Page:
To cover the candidates who probably have little chance of being the GOP nominee  -

Rick Santorum - may he rest in peace, sooner rather than later. Profiling is not the answer unless it is informed by long-term intelligence support, and even then, it should not become profiling but the search for “suspects” whose whereabouts are being tracked. Ron Paul is right about this constitutional aspect of the security issue and it makes his position all the harder to knock down lightly.

Michele Bachmann gave her best performance last night, on a topic she understands and can discuss rationally. It’s too bad she cannot find this ease with other topics because it is clear that she has something to bring to the GOP party.

Jon Huntsman was in his home territory last night and it showed. His explanations and occasional frustrations were obviously the result of his mastery of foreign affairs and national security. It would be helpful to have him talk to a TV journalist one-on-one sometime so America can appreciate his expertise and wisdom and find the best place for his talents.

Now - for the big guns.
I am almost alone is continuing to see Rick Perry as a possible winner.  But, I must note that Perry is establishing his style and seems to be absolutely at ease now, giving his Reaganesque looks and answers with both seriousness and that “Reagan” twinkle in his eye that the others lack. I especially enjoyed his explanation of the national defense issue embedded in the Mexican border problem, and his assurance that it can be mastered and the border closed to illegals, which is in his view important because they include terrorists, a detail often ignored by the other debaters. Beneath that “aw shucks” persona, there is a mind and spirit as sharp and informed as any in the GOP debate. Rick Perry’s problem is that he has only 6 weeks left to convince Iowans and the polls tell us that the mountain he has to climb is as tall as Mt. Everest.
Newt Gingrich was also on home territory last night but his problem, for me, is still that slightly annoying impression he gives of someone lecturing to students. His points are always correct, his words ring with polished debating skill, but couldn’t Newt relax just a little. What did surprise me was his stand on regularizing illegal immigrants who have lived in the US for many years and who have paid taxes, have families and are good members of their communities. He is right, of course, but he knew he was on thin ice when he added that he would take the consequences of his view. Can anyone convince the tea party and other very conservative GOPers that people who are proud to be in America and are contributing their fair share to her success should not be treated like old dishcloths?
That leaves - as it always has this GOP debate season - Mitt Romney. I still feel uneasy about his positions on abortion, carbon taxes and health care. But, he stands there debate after debate giving answers that the rest of the field cannot argue with. He has the presence, the war chest, the poll leads and the media support that it takes to be nominated. Perhaps it is the media support that worries me most about Mitt Romney. I keep getting the feeling that the media are setting Romney and the GOP up for a loss in 2012, that they know his views are so close to Obama’s that he will be punched down as a weak copy of “the real thing.” That would be a tragedy for America because four more years of Obama would destroy the country.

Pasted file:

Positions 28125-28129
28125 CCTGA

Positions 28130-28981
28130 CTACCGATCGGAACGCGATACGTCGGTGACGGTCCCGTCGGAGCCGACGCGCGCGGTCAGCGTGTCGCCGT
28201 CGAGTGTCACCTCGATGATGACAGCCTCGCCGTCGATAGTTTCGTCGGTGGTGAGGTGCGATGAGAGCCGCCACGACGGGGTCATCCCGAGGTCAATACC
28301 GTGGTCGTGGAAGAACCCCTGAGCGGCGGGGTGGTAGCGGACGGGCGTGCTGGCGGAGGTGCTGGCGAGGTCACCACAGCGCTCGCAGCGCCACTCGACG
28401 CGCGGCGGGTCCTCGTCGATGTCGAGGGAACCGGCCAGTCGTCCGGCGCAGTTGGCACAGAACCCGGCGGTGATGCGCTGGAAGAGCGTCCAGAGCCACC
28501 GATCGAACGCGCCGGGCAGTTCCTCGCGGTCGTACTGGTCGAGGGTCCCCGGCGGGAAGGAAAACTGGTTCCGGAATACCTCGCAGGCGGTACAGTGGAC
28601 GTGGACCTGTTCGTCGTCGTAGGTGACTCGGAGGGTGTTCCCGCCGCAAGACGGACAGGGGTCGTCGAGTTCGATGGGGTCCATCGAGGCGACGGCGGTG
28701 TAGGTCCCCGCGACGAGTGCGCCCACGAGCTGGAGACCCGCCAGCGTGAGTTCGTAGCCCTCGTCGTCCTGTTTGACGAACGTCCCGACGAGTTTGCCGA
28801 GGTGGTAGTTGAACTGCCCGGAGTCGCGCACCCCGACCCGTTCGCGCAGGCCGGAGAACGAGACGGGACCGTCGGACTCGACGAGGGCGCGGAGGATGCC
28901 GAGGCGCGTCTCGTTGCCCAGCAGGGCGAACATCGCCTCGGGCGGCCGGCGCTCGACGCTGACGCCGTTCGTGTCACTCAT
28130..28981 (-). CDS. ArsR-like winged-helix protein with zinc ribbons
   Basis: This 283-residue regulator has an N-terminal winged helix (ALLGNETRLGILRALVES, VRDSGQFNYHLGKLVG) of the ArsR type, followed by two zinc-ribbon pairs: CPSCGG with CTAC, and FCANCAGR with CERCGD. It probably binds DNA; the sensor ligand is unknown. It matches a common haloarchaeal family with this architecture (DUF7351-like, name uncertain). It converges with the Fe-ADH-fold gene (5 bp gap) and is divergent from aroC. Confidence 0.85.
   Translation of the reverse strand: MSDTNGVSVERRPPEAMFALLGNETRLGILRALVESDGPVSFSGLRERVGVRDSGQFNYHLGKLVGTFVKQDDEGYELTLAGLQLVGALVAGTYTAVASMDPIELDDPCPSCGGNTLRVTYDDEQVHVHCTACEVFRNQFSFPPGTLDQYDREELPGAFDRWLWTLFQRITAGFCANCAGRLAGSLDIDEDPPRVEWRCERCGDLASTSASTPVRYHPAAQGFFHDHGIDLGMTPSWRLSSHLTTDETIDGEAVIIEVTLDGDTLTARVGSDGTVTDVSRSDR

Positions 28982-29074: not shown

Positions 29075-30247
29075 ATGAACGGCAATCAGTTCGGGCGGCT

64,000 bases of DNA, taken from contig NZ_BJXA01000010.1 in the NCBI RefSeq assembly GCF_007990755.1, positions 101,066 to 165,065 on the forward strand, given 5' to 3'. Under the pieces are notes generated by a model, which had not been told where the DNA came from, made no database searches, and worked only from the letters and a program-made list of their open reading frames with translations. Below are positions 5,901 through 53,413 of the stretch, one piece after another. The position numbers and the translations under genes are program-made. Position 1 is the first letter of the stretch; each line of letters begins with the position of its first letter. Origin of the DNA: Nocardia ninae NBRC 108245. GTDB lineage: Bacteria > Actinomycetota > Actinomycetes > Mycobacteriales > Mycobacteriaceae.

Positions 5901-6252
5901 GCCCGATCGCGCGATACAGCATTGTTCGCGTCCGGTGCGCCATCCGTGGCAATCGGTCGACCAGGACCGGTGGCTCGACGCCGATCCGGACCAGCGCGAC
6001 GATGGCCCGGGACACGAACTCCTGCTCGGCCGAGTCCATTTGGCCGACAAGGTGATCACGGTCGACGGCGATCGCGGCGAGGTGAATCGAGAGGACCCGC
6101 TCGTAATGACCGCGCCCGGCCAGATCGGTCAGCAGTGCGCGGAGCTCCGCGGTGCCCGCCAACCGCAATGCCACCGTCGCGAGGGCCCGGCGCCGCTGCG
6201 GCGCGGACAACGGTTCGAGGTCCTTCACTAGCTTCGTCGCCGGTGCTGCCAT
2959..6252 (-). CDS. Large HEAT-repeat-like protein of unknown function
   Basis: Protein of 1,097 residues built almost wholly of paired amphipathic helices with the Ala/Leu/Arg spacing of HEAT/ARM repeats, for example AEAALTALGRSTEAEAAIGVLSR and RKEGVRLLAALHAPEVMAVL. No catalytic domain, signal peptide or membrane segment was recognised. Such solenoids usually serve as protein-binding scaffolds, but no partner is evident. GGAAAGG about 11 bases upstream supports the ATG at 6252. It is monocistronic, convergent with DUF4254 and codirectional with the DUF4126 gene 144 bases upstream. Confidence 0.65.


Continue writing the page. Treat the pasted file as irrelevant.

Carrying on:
Tuesday, November 22, 2011

Charles Krauthammer on President Obama's Republican Party Bashing

Charles Krauthammer, a distinguished conservative journalist, wrote an article last Thursday on the ‘sellout’ of Barak Obama. It is a concise piece that outlines precisely why Americans are angry with the President and why his chances of being re-elected are minimal. Here are excerpts from the Krauthammer essay.
“In 2008, the slogan was “Yes We Can.” For 2011-12, it's “We Can't Wait.” What happened in between? Candidate Obama, the vessel into which myriad dreams were poured, met the reality of governance.
His near-$1 trillion stimulus begat a stagnant economy with 9 percent unemployment. His attempt at Wall Street reform left in place a still too-big-to-fail financial system as vulnerable today as when he came into office. His green energy fantasies yielded Solyndra cronyism and a cap-and-trade regime not even a Democratic Congress would pass.
And now his signature achievement, Obamacare, is headed to the Supreme Court, where it could very well be struck down, just a week after its central element was overwhelmingly repudiated (2-1) by the good burghers of Ohio.”
Krauthammer goes on the say that when you promise things you cannot deliver, the strategy often is to blame the other side. Thus, President Obama has blamed the Republican Party, and especially the GOP majority in the House of Representatives, for just about everything that has gone wrong in his administration....
It's all the fault of Republican rejectionism.
Hence: “We Can't Wait.” We can't wait while they obstruct. We can't wait while they dither with my jobs bill. Write Congress today! Vote Democratic tomorrow!
“We can't wait. Except for certain exceptions, such as the 1,700-mile trans-USA Keystone XL pipeline, carrying Alberta oil to Texas refineries, that would have created thousands of American jobs and increased our energy independence.
“For that, we can wait, it seems. President Obama decreed that any decision must wait 12 to 18 months — postponed, by amazing coincidence, until after next year's election.
“Why? Because the pipeline angered Obama's environmental constituency. But their complaints are risible. Global warming from the extraction of the Alberta tar sands? Canada will extract the oil anyway. If it doesn't go to us, it will go to China. Net effect on the climate if we don't take that oil? Zero.